When school starts in August, tenth graders at all three high schools in LaGrange, GA and THINC College & Career Academy will have the opportunity to take a financial literacy elective course for one full credit.
The course is made possible by community members and school district employees.
During the June Board of Education meeting, Troup County School System (TCSS) Director of Secondary Education, Dr. Penny Johnson, introduced the course.
“We heard it loud and clear from the community, parents, teachers, and business leaders – students coming out of high school are unprepared to make financial decisions,” Johnson said. “Over the past few months, we have worked with some leaders in the community to come up with this course to help change that trend.”
Johnson stated she reached out to a number of leaders to participate in a focus group and begin the process of creating the student-centered financial course offering.
During the group meetings, they analyzed feedback from the community, prioritized class elements, brainstormed student activities, identified standards to meet needs, chose a target audience, and then created the financial literacy course.
“We see that students graduating from high school are getting into debt, have no concept of saving, are living pay check to pay check, have little to no understanding of interest rates, and ultimately, accrue bad credit scores because of their lack of knowledge,” Johnson said.
“There are grave implications if people don’t have a financial literacy background,” Willis added. “It is not just a money problem. It can also be the difference between receiving a job offer or not because during the job screening process, some employers run a credit check of potential employees.”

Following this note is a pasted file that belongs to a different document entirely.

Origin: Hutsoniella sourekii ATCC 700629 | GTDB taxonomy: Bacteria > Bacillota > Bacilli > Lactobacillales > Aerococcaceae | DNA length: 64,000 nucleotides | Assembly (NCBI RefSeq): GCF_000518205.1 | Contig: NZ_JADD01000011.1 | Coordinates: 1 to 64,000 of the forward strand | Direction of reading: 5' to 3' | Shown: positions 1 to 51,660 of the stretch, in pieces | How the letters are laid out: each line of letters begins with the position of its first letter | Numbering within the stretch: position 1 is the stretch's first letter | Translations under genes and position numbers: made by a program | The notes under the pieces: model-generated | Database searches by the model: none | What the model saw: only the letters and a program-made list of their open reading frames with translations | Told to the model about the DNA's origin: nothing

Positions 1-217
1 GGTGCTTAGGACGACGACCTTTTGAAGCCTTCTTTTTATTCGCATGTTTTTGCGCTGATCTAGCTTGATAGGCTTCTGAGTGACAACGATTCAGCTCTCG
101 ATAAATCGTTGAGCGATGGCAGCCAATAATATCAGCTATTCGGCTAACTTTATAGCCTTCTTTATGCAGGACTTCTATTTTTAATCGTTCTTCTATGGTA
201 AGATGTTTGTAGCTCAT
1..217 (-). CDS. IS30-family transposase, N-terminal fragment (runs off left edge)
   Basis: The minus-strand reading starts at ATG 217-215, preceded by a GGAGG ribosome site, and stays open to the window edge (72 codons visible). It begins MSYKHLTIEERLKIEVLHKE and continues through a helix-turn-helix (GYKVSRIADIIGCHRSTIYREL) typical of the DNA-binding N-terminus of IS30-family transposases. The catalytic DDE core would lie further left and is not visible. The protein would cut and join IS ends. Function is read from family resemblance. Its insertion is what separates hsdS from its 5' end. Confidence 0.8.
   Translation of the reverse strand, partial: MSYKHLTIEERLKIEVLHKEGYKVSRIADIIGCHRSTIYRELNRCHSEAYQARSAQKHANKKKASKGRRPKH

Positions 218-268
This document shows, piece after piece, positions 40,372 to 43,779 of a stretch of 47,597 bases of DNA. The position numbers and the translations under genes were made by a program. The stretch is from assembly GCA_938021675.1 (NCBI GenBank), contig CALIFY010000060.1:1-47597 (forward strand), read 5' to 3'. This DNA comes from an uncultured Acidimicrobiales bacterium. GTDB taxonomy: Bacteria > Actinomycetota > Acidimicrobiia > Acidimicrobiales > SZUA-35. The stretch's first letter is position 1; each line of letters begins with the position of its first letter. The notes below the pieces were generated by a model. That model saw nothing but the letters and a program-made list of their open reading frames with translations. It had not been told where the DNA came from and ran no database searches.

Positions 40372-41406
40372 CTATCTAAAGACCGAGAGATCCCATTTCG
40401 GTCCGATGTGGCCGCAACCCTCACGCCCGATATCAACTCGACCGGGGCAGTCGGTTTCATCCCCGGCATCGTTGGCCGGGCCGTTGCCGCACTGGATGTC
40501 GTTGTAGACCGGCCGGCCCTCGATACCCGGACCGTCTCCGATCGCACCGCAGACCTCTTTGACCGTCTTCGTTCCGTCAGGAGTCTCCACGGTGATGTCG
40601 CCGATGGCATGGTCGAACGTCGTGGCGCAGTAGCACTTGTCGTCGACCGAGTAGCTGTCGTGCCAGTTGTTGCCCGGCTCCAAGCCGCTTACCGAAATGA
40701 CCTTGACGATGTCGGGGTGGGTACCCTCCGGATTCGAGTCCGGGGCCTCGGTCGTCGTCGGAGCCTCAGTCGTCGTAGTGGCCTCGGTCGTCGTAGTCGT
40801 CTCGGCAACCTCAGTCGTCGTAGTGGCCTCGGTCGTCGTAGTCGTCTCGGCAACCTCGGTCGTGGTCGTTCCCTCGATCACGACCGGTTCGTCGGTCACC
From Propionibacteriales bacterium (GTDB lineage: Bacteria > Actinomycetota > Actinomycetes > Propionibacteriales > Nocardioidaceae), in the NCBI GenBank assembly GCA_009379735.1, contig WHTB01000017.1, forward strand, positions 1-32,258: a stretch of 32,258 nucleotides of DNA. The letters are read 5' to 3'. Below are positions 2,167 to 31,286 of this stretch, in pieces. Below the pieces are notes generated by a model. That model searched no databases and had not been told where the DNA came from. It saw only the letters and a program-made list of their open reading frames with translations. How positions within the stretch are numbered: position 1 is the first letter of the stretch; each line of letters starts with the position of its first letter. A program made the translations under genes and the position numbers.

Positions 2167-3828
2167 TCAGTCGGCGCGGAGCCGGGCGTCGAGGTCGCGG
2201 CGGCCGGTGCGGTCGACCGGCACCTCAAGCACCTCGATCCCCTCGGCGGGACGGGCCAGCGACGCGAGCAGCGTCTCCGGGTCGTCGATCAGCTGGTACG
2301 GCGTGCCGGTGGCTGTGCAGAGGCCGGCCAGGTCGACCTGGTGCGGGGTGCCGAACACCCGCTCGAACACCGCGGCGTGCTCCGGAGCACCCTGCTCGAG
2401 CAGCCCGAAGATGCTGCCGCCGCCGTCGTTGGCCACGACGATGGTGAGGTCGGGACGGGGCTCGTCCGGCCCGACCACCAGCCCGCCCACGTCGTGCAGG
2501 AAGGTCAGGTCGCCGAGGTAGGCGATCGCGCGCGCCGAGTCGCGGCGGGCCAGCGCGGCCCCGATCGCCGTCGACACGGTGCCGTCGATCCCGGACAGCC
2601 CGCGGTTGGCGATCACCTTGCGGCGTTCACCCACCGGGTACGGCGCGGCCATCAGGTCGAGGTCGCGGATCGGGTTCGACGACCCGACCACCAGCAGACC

“We are targeting sophomores because they are starting to work and take driving tests,” Britt explained. “It’s a perfect time because they need to consider money management in their decision making. It (this course) is in a pilot year and we think it will be very successful with this age group of students.”
Both Business and Economics teachers are slated to teach the course.
“The curriculum easily falls into our current Career, Technical, Agriculture, and Engineering program. We have made it our own based on the local community needs,” Britt said.
Educators and community members are looking for the course to have a tremendous impact on the financial future of TCSS graduates.
“This is a solid course,” Willis said. “We custom-designed it so our Troup County students will be able to learn money management skills that will benefit them throughout their entire lives.”
To learn more about TCSS, visit troup.org or the Troup County School System Facebook page.
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